Editor’s Note: This is the sixth post in the Environmental Histories of Foraging series edited by Nicole Miller. You can read other posts in this series here.
In late August, after finishing my anthropology coursework in Leuven, Belgium, I packed my bags and took a flight to catch part of the mushroom season in southern Finland. When the plane was hovering over Helsinki’s Vantta airport, I looked through the tiny porthole. It revealed a mass of different layers of green: olive, lime, jade, emerald. During this very first encounter, I did not know that below the surface of these forest waves was another hidden world, an autonomous kingdom, and an assemblage of birches, pines, spruces, bushes, mosses, fungi, and species beyond my limited vocabulary and imagination.
I am interested in human/non-human relationships, and I became intrigued by how people could encounter, embrace, and communicate with nature beyond the domain of human language. Foraging was the starting point I chose for this multispecies adventure. Looking back, it was more than a journey of learning to forage and identify mushrooms; rather, it was also a process of learning about oneself and one’s own body. When gradually discovering how to balance myself on the uneven forest ground, when listening to the howling sound of wind in the dense forests, and when touching and feeling different textures of various fungal species, my senses were opened, sharpened, and connected to the world of forest fairies, where they gently revealed themselves and taught the innocent human apprentice what a mushroom knows.
I started my research with a local mushroom guide, Anna Nyman, and my friend Lau Kaker, who is an artist working with mushroom dyes. My foraging practices were mainly conducted in the forests near Luukki, Lakisto, Nuuksio in Espoo, and I also frequently explored the urban forests in my temporary neighborhood of Pihlajamäki during my four month stay in Finland. The following is a sensory journal of my experiences foraging mushrooms.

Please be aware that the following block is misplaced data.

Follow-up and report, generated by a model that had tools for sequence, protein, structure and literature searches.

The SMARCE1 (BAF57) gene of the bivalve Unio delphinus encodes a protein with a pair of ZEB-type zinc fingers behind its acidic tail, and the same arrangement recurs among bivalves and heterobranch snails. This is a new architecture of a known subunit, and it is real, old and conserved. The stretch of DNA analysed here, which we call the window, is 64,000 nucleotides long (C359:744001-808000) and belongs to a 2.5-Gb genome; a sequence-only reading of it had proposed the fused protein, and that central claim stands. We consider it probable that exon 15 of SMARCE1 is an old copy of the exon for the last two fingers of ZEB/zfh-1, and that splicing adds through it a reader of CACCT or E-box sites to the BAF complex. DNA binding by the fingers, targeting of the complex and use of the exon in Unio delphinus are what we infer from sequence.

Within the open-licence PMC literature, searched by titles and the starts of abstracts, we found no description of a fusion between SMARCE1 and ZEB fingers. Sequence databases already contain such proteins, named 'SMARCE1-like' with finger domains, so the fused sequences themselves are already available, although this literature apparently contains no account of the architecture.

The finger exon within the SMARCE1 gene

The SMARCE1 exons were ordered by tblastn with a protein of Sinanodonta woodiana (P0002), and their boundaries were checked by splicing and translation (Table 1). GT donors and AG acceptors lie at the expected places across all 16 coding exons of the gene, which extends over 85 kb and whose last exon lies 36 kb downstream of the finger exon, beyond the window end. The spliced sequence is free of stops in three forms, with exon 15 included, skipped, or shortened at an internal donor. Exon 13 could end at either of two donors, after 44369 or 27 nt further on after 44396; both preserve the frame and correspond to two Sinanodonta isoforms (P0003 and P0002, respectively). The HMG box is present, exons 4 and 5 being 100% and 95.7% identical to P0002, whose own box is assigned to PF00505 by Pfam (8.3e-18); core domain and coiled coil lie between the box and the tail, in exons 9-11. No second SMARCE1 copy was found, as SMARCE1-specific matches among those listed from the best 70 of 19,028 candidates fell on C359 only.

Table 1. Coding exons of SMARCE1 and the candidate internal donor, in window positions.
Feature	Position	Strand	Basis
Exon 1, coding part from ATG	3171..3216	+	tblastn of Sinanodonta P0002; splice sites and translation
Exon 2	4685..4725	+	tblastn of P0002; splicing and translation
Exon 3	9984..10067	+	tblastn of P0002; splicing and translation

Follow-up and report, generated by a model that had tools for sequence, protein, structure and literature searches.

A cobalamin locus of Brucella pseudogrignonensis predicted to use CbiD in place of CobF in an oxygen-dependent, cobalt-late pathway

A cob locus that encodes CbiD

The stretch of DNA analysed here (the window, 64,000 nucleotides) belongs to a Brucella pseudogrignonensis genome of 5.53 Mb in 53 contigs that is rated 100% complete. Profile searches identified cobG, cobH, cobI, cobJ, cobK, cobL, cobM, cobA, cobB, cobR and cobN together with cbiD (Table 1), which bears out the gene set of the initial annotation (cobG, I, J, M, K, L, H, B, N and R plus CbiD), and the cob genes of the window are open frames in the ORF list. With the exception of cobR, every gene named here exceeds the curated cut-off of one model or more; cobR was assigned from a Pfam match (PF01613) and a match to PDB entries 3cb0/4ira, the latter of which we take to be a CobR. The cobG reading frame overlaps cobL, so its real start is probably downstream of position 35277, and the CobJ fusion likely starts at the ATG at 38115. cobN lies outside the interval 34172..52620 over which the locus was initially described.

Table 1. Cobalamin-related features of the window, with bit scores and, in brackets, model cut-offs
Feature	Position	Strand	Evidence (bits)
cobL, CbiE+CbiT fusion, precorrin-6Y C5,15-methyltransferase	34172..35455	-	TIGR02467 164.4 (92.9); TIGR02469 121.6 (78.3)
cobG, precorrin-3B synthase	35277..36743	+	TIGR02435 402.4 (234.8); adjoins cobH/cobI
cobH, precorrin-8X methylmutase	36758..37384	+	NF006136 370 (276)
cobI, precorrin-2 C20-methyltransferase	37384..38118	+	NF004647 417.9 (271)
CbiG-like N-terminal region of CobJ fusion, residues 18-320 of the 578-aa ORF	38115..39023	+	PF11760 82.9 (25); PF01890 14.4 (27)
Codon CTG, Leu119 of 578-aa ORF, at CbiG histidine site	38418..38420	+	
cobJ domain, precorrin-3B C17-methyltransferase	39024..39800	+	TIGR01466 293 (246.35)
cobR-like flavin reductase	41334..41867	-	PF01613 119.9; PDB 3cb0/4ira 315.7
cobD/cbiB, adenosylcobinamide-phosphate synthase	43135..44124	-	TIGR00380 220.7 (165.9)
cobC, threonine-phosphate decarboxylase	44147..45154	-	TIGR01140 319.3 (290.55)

When foraging for mushrooms, one needs to bend down and lower their body to gain a new perspective. This perspective is not a human one, but a mushroom perspective. By doing so, a forager tries to enter the world of fungi, observing the forests from their viewpoints, staying with them, and thinking with them. The change in perspective can be understood both physically and epistemologically. During my foraging excursions, I not only learned to adjust my view to match the mushroom’s perspective, but also to reposition myself in relation to nature – not as an exploiter, a tourist, or an invader, but as a companion, a collaborator and an apprentice with great appreciation and respect.
Note: The content of this series should not be taken as advice for edible or medicinal uses of specific species. We do not advise consuming the species discussed. Incorrect identification of species and incorrect preparations can be toxic and sometimes deadly. Foraging should be done only with adequate education, instruction, and caution. If you are interested in foraging it is highly advised for safety (and to gain experience) that you should take a course with an expert if you would like to learn more.
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